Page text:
How does a court-martial work?

Answers to your questions about the news.
May 19 2004 11:38 AM

Jeremy Sivits: Fired and Demoted?

Plus, a primer: How do courts-martial work? What are the punishments? Can you appeal?

Update, May 20, 2004: Yesterday, a special court-martial sentenced Army Specialist Jeremy Sivits to one year in military prison, a bad-conduct discharge, and reduction in rank to private. Readers e-mailed to ask, What's the point of demoting Sivits if he also faces discharge? What does it matter whether he's a specialist or a private if he's fired?

Demoting Sivits is a way to reproach him and dish out a pay cut at the same time. Rank carries great meaning within the military, so demoting Sivits symbolically removes what respect and authority he had earned. As for the money, soldiers sentenced to prison time automatically forfeit two-thirds of their pay during the period they spend in prison, according to Article 58 of the UCMJ. Before Congress created this rule in 1996, soldiers continued to earn full pay and allowances during their time in prison. Reducing Sivits in rank means he will earn less money in prison—a private currently makes $1,193.40 per month in base pay, while a specialist with four years of service makes $1,814.10 per month in base pay.

Advertisement

Army Specialist Jeremy Sivits pleaded guilty today to a special court-martial for charges that he helped abuse Iraqi detainees at Abu Ghraib. Six of his peers will face general courts-martial starting this week for their acts at the prison. How exactly does a court-martial work?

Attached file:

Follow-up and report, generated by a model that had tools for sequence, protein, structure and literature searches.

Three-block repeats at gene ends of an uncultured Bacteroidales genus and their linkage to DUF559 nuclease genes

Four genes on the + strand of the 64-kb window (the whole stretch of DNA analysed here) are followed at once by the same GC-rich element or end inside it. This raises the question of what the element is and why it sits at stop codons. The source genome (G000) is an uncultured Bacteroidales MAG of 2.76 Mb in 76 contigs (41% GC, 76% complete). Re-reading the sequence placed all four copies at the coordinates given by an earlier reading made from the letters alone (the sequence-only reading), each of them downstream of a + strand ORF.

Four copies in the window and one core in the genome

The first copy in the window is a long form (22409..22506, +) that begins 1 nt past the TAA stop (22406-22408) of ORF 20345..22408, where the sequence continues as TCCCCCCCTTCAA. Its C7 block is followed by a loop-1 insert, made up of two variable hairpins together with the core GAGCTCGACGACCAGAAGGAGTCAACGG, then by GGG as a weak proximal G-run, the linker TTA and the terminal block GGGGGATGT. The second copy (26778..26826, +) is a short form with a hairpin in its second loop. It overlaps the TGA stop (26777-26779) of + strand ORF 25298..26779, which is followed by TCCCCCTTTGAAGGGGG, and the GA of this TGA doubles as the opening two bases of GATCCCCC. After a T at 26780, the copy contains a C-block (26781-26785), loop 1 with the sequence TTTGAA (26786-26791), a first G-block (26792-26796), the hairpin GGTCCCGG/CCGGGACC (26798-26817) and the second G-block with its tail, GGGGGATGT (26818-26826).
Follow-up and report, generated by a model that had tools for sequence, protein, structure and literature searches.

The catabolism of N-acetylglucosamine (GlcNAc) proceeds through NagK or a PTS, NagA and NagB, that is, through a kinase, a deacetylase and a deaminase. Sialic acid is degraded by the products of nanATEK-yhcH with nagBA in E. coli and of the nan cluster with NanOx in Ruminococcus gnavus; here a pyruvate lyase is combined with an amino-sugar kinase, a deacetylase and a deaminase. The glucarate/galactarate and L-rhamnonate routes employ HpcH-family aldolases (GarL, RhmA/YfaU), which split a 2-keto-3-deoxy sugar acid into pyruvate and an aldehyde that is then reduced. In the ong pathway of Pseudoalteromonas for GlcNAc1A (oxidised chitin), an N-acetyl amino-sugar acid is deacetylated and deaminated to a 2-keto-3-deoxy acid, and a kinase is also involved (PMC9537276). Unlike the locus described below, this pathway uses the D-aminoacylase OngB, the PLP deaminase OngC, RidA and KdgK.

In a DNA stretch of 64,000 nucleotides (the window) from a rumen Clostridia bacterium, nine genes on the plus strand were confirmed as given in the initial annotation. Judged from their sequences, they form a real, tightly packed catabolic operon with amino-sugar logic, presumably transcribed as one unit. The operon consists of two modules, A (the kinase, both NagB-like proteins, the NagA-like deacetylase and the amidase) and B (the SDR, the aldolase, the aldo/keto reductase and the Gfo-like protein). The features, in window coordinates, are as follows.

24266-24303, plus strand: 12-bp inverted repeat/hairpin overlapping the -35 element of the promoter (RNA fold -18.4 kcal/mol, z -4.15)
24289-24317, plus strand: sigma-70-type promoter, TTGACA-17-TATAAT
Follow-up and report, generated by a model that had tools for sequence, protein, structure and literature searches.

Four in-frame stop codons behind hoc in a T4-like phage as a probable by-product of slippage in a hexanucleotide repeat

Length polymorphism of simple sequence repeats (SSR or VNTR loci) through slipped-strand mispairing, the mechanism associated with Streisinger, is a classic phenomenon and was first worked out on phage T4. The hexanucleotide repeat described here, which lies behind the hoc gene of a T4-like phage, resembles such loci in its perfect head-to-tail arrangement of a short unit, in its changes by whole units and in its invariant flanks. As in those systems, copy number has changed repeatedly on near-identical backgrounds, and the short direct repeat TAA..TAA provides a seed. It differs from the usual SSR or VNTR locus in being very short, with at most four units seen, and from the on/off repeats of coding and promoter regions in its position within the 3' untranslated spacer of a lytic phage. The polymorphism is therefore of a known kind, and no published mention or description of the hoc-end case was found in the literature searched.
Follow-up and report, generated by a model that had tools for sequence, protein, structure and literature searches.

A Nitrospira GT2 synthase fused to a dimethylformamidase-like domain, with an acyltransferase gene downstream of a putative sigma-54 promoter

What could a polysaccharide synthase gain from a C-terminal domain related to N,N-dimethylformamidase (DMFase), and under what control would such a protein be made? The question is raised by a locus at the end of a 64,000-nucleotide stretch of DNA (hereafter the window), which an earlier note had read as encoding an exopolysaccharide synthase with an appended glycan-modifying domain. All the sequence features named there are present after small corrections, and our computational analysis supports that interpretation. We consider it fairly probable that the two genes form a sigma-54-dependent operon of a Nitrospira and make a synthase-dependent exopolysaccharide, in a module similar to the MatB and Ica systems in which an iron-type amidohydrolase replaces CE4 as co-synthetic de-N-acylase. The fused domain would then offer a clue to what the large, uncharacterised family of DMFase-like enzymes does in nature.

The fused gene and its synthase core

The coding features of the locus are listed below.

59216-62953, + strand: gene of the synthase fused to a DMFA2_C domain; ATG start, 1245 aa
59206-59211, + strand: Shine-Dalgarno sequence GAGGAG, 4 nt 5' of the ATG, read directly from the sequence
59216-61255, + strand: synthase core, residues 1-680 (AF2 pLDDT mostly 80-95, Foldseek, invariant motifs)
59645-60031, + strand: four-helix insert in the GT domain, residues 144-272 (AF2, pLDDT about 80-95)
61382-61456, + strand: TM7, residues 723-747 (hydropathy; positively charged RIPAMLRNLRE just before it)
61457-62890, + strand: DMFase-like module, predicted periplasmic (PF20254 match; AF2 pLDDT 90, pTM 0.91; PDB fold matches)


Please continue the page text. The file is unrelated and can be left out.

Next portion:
Most aspects of a court-martial would look familiar to any civilian lawyer but just different enough to make him or her uncomfortable. Military law applies in military courts, not the federal criminal code. Senior commanders hold the power to prosecute, select judges, pick juries, and approve verdicts. Uniformed judges preside over the court. And the hand-picked jurors, known as "members," are officers (and sometimes sergeants, if the accused is enlisted).

Military courts administer the Uniform Code of Military Justice. Like the federal criminal code, the UCMJ contains a laundry list of criminal offenses, from violent crimes like murder and assault to uniquely military crimes such as failure to obey a lawful order.

Courts-martial are run by a military commanders who are ultimately agents of the president and the executive branch, not the judiciary. In addition to their day jobs as combat leaders, these commanders become "convening authorities" when one of their troops is accused of a crime; they are responsible for overseeing the court-martial (if there is one) and approving its verdict.

Before a general court-martial happens, the case goes to an "Article 32" hearing, roughly analogous to a grand jury proceeding. Here, an investigating officer reviews the evidence to see if there's enough to proceed with a court-martial. The defendant can cross-examine prosecution witnesses and even introduce his own evidence to try and prevent the case from going forward—not the case in a grand jury proceeding,